Bulgaria

Eastern Europe’s most powerful supercomputer will be hosted by Bulgaria. What’s it good for?

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The IT giant Atos said that is has fully delivered to Bulgaria’s Sofia Tech Park a super computer that is expected to be Eastern Europe’s most powerful such device, writes Cristian Gherasim, Bucharest correspondent.

The petascale computing system will help greatly with Bulgaria’s tech ambitions in the years to come.

The supercomputers will serve in the development of scientific, public and industrial applications in various fields, including bioinformatics, pharmacy, molecular and mechanical dynamics, quantum chemistry and biochemistry, artificial intelligence, personalized medicine, bioengineering, meteorology and the fight against climate change.

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Atos, the company delivering the supercomputer, said in a press release that the computer is expected to be fully operational in July 2021.

“This will be the most powerful supercomputer in Eastern Europe and will help to leverage Bulgaria’s high-tech ambitions. Atos’ Czech Republic project teams have already started the configuration tests and the supercomputer is expected to start working operationally in July 2021,” the company said in a press release.

But this is not just a Bulgarian accomplishment but also a European one, benefiting European scientific research, bolstering innovation, and providing the wider scientific community with state of the art research and development tools.

The supercomputer is co-financed by the Republic of Bulgaria and European Union EuroHPC JU program. The total investment amounts to 11.5 million euros.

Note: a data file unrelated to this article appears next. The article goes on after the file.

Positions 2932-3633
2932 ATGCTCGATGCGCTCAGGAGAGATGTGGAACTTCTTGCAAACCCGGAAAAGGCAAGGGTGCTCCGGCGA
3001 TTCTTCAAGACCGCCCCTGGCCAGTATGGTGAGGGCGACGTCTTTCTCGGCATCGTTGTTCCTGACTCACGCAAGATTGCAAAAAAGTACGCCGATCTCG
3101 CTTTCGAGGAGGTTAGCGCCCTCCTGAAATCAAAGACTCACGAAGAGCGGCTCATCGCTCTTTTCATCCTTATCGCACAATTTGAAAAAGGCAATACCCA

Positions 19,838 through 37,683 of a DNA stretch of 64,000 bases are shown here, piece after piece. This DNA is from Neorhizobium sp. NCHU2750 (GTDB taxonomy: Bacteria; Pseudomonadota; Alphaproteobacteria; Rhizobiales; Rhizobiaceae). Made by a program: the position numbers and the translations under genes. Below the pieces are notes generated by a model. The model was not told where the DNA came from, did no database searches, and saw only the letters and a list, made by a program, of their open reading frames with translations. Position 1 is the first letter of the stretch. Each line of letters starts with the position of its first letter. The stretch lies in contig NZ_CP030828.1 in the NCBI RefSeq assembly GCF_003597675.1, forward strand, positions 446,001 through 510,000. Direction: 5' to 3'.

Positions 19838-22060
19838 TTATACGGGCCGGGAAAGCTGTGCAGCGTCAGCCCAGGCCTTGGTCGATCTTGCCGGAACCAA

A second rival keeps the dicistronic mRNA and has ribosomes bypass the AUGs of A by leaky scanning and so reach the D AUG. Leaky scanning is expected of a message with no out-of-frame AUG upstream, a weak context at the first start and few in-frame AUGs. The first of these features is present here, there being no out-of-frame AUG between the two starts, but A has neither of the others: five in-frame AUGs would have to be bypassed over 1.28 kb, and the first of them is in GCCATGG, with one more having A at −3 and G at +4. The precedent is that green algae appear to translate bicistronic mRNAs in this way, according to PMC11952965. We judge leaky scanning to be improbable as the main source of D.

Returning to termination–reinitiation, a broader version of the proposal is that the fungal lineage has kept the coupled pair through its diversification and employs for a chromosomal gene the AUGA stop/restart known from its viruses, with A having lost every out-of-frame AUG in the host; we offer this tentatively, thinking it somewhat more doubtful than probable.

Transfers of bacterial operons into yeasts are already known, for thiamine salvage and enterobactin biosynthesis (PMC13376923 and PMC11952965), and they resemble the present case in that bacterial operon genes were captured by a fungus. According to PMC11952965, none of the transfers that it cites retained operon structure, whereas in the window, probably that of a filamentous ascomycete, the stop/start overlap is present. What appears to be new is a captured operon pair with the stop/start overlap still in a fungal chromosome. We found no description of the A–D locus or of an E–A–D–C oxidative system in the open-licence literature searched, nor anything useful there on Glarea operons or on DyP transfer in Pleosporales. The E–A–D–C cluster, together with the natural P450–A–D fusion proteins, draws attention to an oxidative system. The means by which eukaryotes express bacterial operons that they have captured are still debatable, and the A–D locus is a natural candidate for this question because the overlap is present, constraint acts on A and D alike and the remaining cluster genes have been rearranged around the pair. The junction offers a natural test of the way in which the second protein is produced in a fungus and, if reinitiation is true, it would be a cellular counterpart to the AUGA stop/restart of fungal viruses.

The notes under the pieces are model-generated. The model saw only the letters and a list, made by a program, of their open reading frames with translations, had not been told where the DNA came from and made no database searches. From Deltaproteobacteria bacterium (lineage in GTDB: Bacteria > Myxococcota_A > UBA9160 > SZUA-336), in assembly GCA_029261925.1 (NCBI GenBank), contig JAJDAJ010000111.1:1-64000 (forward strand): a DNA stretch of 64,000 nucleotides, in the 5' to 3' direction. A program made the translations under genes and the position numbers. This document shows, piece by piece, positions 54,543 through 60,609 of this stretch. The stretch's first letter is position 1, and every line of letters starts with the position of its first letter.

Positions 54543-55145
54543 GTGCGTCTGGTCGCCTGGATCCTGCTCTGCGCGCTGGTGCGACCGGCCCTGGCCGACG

The petascale computing system in Bulgaria will be similar to other supercomputing systems in university and research centers across Europe, such as CINECA in Italia, IZUM in Slovenia, LuxProvide in Luxemburg și Minho Advanced Computing Center from Portugal.

The computing system present in Bulgaria will thus consolidate EU’s network of research capabilities and strengthened its endeavors to develop new tech and research hubs in its member states.

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Computer technology

Inauguration of the European High Performance Computing Joint Undertaking Headquarters in Luxembourg

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Internal Market Commissioner Thierry Breton, together with Luxembourg's Foreign and European Affair Minister Jean Asselborn, and Economy Minister Franz Fayot, inaugurated the headquarters of the European High Performance Computing (EuroHPC) Joint Undertaking in Luxembourg. Commissioner Breton said: “I am delighted to inaugurate the new home for European HPC. Supercomputing is key for the digital sovereignty of the EU. High Performance Computers are crucial to harness the full potential of data — notably for AI applications, health research and industry 4.0. We are massively investing in this cutting-edge technology for Europe to remain ahead of the global tech race.” The mission of the EuroHPC Joint Undertaking is to pool European and national resources to procure and deploy world-class supercomputers and technologies.